Heard about Bitcoin and digital currencies (digital money) and haven’t got any idea what they’re talking about? Don’t worry! It can be complicated, but we’ll explain everything you need to know clearly.
Bitcoin is a pretty new currency that only exists in digital form, so there’s no bank notes or coins, everything happens across the internet using your phone or computer. However, it’s particularly unique, and an evolution of traditional currencies that currently exist (such as Pounds or Dollars – also called fiat currencies).
It has 3 core elements, which we’ll cover in more detail later:
- There is no government or central bank control.
- There is a fixed supply – only 21,000,000.
- It can be sent directly from person-to-person across the world.
Bitcoin was the first cryptocurrency and currently the world’s largest. It was created in 2008 by an anonymous person, or team or people, who called themselves ‘Satoshi Nakamoto’, and largely inspired by the mismanagement of money by governments and central banks (banks of a certain country, such as the Bank of England) – particularly around the global financial crisis that occurred during that time, when governments bailed out large banks who themselves were mismanaging money. And unfortunately, it’s all got a lot worse since then, particularly during the coronavirus pandemic.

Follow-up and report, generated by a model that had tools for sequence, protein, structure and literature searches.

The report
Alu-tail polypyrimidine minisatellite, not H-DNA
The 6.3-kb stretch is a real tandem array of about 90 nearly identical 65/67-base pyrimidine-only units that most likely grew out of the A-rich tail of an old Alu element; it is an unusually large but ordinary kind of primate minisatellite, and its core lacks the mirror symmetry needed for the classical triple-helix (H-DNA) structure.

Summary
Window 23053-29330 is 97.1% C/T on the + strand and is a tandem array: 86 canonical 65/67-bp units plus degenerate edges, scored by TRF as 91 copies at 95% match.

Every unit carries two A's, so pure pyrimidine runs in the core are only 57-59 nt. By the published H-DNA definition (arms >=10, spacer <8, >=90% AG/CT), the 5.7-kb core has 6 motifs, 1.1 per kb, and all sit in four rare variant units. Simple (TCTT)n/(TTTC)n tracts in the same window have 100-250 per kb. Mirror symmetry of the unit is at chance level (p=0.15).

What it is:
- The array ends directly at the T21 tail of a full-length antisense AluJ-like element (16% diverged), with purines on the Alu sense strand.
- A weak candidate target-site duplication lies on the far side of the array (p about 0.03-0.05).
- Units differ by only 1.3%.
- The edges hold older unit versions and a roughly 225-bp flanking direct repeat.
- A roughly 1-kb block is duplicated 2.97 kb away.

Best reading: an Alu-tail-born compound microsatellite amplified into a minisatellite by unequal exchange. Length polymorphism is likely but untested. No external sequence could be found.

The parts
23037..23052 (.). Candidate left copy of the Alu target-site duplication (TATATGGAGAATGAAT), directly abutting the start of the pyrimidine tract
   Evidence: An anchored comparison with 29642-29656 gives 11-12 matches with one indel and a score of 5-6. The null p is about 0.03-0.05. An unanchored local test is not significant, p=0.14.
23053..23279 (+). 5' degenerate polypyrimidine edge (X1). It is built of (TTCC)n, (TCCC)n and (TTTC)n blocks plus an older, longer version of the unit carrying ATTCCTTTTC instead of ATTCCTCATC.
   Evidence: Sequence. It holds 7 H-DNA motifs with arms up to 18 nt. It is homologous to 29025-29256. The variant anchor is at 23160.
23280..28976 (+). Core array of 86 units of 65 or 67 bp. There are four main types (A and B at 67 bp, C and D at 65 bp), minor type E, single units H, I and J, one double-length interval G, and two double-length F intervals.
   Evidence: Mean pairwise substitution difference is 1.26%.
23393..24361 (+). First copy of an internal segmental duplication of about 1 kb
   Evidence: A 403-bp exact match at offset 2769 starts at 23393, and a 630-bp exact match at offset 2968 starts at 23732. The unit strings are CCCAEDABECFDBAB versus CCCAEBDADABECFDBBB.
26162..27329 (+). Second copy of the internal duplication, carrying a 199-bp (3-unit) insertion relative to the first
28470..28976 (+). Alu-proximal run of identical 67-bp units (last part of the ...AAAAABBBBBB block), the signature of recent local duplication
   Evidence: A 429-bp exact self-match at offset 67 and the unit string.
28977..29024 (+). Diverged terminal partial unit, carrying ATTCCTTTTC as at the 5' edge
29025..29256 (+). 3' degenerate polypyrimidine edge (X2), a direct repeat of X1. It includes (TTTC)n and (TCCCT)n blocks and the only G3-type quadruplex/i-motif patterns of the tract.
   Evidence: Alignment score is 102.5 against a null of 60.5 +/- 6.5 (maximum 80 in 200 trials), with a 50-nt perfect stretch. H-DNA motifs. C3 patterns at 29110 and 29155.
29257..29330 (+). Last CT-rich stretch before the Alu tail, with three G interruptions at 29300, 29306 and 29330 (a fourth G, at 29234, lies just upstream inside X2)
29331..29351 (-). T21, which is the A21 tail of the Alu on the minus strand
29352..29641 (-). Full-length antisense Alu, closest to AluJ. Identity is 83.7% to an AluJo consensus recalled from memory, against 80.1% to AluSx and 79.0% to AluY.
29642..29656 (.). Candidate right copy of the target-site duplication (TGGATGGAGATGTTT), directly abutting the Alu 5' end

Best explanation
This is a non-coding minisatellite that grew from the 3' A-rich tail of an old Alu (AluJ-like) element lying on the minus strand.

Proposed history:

No government control
We won’t go into the details too much, but governments and central banks have the ability to create more money whenever they like (and also adjust the interest rate of their borrowing), and as a result, causes the value of money to reduce (called inflation), which means things get more expensive over time, like food and bills. Effectively, creating new money makes the poor, poorer and the rich, richer (as the things rich people own, such as property and businesses, often grow in value too).